The United States is claiming that photographs released by North Korea showing a missile launched from a submarine are fake.
US Admiral James Winnefeld told an audience at the Centre for Strategic & International Studies in Washington on Tuesday that North Korea was still "many years" from developing submarine-launched ballistic missiles.
Analysis seen from German aerospace engineers Markus Schiller and Robert Schmucker of Schmucker Technologie appeared to support Winnefeld's statement.
The Munich-based pair said photos of the launch were "strongly modified", including reflections of the missile exhaust flame in the water which did not line up with the missile itself.
North Korea, which regularly threatens to destroy the United States, had a record of offering faked proof to claim advances in missile technology, such as poorly built mockups of missiles on display at military parades in 2012 and 2013.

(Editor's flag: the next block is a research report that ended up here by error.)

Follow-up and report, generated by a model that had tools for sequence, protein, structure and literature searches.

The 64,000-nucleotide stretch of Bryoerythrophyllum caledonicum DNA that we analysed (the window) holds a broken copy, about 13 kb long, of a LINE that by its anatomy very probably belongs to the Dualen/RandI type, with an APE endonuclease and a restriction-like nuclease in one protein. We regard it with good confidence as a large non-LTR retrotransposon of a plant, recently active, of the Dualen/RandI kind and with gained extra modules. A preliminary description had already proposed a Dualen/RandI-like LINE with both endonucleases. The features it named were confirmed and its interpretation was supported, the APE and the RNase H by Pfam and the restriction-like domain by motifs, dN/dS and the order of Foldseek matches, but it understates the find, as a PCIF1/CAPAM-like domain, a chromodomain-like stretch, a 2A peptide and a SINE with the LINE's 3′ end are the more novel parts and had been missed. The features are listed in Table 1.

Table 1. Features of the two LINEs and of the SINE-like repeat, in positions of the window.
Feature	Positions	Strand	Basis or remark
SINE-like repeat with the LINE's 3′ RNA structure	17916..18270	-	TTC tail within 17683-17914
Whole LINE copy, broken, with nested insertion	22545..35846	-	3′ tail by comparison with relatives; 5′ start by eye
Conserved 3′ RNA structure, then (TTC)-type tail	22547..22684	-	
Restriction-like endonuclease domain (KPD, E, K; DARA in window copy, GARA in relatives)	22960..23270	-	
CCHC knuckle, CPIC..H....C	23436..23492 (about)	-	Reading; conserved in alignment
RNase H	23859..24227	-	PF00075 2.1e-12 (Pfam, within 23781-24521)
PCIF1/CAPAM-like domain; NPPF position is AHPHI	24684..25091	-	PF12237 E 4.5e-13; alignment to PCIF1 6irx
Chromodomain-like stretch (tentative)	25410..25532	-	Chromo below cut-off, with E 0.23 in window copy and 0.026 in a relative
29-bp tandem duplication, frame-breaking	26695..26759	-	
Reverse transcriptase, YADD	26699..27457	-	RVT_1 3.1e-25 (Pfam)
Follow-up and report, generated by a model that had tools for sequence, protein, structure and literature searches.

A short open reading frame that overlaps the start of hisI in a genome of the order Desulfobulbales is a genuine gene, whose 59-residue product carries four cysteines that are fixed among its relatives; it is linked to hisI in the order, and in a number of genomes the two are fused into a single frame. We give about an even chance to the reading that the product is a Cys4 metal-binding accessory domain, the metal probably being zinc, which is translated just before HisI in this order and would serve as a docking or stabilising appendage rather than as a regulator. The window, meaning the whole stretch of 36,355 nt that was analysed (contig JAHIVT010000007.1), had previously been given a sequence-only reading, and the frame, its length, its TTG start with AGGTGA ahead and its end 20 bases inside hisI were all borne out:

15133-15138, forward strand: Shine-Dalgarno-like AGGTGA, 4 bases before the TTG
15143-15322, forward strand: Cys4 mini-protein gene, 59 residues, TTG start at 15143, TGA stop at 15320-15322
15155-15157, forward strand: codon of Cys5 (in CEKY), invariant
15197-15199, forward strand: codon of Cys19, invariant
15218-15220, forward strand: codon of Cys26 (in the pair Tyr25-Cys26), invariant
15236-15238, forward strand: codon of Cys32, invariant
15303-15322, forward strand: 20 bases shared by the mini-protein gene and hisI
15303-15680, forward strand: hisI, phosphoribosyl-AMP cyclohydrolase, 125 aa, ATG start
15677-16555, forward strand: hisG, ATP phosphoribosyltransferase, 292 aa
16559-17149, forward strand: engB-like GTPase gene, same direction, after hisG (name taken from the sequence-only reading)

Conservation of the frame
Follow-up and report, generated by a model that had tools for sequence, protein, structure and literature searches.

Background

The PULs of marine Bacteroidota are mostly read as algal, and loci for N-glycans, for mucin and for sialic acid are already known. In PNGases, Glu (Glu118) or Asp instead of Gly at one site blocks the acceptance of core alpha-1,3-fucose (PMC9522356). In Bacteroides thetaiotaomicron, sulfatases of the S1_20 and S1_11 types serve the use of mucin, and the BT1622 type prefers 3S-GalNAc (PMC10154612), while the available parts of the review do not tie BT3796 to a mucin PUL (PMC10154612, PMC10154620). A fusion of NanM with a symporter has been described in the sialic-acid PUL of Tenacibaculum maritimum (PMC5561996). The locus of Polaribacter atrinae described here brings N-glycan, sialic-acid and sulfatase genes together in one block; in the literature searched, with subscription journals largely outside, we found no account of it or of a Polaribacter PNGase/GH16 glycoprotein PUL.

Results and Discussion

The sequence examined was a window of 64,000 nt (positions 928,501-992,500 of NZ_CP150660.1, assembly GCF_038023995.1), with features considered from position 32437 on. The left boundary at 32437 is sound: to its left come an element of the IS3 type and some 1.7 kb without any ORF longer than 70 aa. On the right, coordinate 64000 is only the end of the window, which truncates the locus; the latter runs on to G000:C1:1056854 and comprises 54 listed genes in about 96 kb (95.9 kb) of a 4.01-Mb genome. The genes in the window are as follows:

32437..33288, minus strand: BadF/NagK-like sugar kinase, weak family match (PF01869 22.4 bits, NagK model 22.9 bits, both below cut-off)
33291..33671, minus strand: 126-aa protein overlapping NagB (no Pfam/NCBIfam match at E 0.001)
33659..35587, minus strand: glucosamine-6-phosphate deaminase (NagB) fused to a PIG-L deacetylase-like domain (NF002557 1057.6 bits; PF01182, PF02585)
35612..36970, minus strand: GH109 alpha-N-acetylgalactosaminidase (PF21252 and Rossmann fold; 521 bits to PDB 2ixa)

A photo on state television showed a missile high in the sky leaving a trail of white smoke, whereas other photos from state media showed no white smoke, suggesting the two photos were of different missiles with different propulsion systems, Schiller and Schmucker said.
South Korea stood by its position that the photos appeared authentic. "We haven't changed our stance that the rocket was fired from a submarine and flew about 150 meters out of the water,” a South Korean military official said.
The North's National Defence Commission, the main ruling body headed by leader Kim Jong Un, said on Wednesday the submarine-based missile launch was "yet a higher level of accomplishment in the development of strategic attack means".